- In calling myself a "Board-certified music therapist", I am letting people know that I have completed a high degree of education and clinical training in music therapy. I am also committing myself to maintaining my certification by completing continuing education every five years.
- Similarly, the MT-BC credential differentiates the work myself and other music therapists from that of others. Clients who select an MT-BC for therapy can rest easy knowing that their therapist has the knowledge and clinical experience to use music - an incredibly powerful treatment tool - with care and caution.
- When I call myself an MT-BC, I hold myself to the high standards of the American Music Therapy Association Standards of Clinical Practice and the CBMT Code of Professional Practice, and I align myself with other highly skilled music therapists who do the same.
- Lastly, in calling myself an MT-BC, I allow myself to be proud of the music therapist I have become in the last six years. I also hope and dream about the music therapist I will become in the future as I continue to learn and grow from my wonderful clients!
- Although we call our trade "music therapy", that doesn't mean music must be playing 100% of the time. There is something to be said for being a silent, peaceful presence for a client when the moment calls for such, especially in the midst of a chaotic environment such as the hospital.
- Children with ADHD and other neurological differences such as autism have strengths that are often overlooked when the focus of treatment is on eliminating "problem behaviors". Many of these strengths (creativity, curiosity, compassion, emotional sensitivity) can be explored and even highlighted in music therapy!
- As a music therapist, I often find myself in the position of advocating for the profession of music therapy and for its recognition. While this is important, I was reminded that "we need [state] recognition only so far as it will protect our clients" (quote from music therapist on the Texas State Task Force). While the panel I attended specifically discussed music therapy state recognition in Texas, music therapists in Louisiana face similar challenges!
- The "song cycle" is a process of making a musical timeline of one's life - picking life experiences that shaped you into the person you are today, and capturing the emotions in those moments with a specific song. When used thoughtfully in music therapy in the right situation, it can help clients identify patterns in their life with the goal of creating lasting change.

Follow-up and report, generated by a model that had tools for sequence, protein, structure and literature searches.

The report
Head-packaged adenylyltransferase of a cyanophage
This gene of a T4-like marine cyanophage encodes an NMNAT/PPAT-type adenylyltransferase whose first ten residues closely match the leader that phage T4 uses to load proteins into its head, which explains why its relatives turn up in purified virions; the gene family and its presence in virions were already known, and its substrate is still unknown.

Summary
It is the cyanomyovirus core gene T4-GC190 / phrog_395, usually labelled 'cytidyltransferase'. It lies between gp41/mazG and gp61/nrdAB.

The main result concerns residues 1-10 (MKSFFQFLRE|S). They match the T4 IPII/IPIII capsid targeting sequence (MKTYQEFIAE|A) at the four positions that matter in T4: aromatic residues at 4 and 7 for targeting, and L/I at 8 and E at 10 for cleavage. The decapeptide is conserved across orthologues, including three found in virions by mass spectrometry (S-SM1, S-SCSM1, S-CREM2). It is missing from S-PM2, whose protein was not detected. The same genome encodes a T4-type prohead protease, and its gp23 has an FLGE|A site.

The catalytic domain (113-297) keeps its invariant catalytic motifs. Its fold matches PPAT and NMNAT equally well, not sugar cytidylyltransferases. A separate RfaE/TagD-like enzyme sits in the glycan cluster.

- There is fascinating research being done on the use of music therapy to address emotion regulation in children. There is evidence that use of a high/low arousal pattern to structure music therapy sessions (for example, high-energy instrument play while standing, followed by reading a musical book while seated) gives children valuable practice in regulating their body states and their feelings.
I have a few anniversaries I celebrate each year - my husband's and mine (5 years in July!), that of my parents and my in-laws, my siblings and their spouses, my dear friends ... and my MT-BCiversary, of course!
(Don't worry if that last one's got you scratching your head, I'll explain below!)
An MT-BCiversary is a word mashup that simply means the anniversary of my passing my certification exam to become a "Music Therapist - Board Certified" or MT-BC. I took and passed my exam on April 19th, 2010, which means I recently celebrated my 6th MT-BCiversary! (Time flies when you're having fun, huh?)
The MT-BC credential is administered by the Certification Board for Music Therapists. In honor of my 6th MT-BCiversary, I thought I'd share a few reasons why I'm proud to hold that credential:
If you're a music therapist out there, why are YOU proud of your MT-BC? When is your MT-BCiversary? Do share! And if you're not a music therapist, I'd love to know if/why you think selecting a provider with the appropriate credentials is essential from your perspective. I'd love to hear from you!Read more